Examples: Instagram and Twitter company pages.
Let’s talk features
These are all important but in decreasing order of importance. I’m foregoing simple things like strong password generators (they should all support this) and cross-device support.
True multiuser setup
The password manager you choose should support true multiuser use. This seems a like a bit of no-brainer, but it’s not. A popular/free password manager, KeePass, doesn’t. In fact, they instruct you to share the database password with all those on your team to make multiuser possible. That’s insane to me, so I chose a password manager that allows individuals to have accounts and be part of a group.
For the password manager itself: Look for a password manager that allows you to enforce two-factor authentication (2FA). If you’re going to centralize all your passwords, you should at least be paranoid about that repository getting compromised. I found that setting up the 2FA on several of my devices (both my smartphones and my tablet) means that I can almost always regain access if I need to.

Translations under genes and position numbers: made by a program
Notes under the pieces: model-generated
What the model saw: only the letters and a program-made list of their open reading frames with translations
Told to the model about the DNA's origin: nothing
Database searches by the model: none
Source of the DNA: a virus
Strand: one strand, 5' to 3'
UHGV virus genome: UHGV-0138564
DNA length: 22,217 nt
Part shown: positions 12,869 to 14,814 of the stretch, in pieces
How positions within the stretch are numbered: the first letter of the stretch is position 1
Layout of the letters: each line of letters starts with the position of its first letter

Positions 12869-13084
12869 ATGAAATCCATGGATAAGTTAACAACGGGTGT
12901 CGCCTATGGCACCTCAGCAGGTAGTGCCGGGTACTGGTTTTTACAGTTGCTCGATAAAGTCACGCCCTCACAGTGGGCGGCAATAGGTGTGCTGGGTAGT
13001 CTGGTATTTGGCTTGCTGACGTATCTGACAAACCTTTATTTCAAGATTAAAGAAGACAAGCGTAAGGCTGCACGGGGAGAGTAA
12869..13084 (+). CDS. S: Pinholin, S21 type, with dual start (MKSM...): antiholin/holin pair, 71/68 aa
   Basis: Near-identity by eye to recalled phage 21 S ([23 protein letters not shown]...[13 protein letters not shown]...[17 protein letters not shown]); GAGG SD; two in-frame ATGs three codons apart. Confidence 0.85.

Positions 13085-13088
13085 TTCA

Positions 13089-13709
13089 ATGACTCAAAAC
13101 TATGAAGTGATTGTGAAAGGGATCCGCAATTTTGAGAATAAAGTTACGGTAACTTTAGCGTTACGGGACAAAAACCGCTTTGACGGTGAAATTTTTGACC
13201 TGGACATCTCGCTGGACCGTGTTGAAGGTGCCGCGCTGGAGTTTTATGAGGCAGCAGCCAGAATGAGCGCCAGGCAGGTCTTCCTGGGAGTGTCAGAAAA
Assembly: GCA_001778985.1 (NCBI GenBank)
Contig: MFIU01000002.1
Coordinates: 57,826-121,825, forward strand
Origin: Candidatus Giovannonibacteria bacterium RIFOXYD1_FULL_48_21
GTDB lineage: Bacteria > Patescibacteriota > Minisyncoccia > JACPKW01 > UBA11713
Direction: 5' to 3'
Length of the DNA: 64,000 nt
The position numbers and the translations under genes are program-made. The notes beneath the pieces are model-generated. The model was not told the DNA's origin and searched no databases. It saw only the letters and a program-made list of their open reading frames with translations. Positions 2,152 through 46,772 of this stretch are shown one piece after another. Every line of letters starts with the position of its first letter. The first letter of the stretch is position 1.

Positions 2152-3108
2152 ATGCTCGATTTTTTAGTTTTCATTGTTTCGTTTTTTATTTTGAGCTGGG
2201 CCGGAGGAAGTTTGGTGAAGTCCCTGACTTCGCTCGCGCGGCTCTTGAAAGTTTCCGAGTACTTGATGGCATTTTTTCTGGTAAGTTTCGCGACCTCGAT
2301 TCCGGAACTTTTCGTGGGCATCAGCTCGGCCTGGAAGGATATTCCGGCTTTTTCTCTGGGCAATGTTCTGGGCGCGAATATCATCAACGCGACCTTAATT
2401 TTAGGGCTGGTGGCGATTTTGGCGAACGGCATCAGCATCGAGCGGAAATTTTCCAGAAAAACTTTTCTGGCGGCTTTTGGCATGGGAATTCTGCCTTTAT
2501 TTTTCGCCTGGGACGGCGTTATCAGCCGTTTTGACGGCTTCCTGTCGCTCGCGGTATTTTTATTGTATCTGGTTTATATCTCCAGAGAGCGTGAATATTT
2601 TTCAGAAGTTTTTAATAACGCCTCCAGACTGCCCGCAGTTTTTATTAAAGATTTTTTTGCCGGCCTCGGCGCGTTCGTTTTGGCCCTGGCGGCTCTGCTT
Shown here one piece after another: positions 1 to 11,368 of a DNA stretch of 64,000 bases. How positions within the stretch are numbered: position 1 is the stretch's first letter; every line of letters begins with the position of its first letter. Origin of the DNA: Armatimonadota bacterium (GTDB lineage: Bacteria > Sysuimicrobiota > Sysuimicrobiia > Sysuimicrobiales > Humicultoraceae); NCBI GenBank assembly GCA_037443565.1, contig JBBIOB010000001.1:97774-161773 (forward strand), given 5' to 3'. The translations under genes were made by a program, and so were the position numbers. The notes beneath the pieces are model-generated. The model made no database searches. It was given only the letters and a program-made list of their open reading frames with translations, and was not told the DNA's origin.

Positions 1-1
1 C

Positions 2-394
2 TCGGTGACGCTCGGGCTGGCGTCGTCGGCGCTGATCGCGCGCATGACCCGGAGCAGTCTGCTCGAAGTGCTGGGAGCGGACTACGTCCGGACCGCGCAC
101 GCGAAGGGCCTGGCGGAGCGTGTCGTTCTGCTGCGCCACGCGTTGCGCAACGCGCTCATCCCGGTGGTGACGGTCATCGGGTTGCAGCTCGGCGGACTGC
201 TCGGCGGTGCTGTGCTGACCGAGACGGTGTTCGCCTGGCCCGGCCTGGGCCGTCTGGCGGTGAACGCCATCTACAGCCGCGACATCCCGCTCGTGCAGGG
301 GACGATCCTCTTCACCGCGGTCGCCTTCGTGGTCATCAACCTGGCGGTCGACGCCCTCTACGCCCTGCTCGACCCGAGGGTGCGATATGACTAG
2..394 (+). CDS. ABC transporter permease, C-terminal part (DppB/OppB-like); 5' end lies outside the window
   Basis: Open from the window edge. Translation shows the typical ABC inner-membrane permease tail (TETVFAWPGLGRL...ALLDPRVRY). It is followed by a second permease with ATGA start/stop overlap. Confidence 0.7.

For the saved websites/apps: This is something few password managers handle well but it’s critical! You should set up 2FA everywhere possible. This lets you have your cake and eat it too. You can enjoy great security on your accounts but still share the credentials with your team. This is much better than SMS-based 2FA in two ways. Firstly, from a security standpoint SMS-based 2FA is less secure due to SIM hacking. Secondly, it’s impractical in a team because only one phone will receive the one-time password.
Some might argue that storing the 2FA one-time password in your password manager is bad form. I disagree. A good password manager will do a better job of alerting you to a new/suspicious login than most, if not all other services. The deterrent you put up by using 2FA on your accounts generally outweighs the danger of storing the 2FA inside the password manager itself, in my humble opinion. Remember, there’s no such thing as perfect security but making your accounts just a little harder to hack than the next person’s is enough to deter most hackers.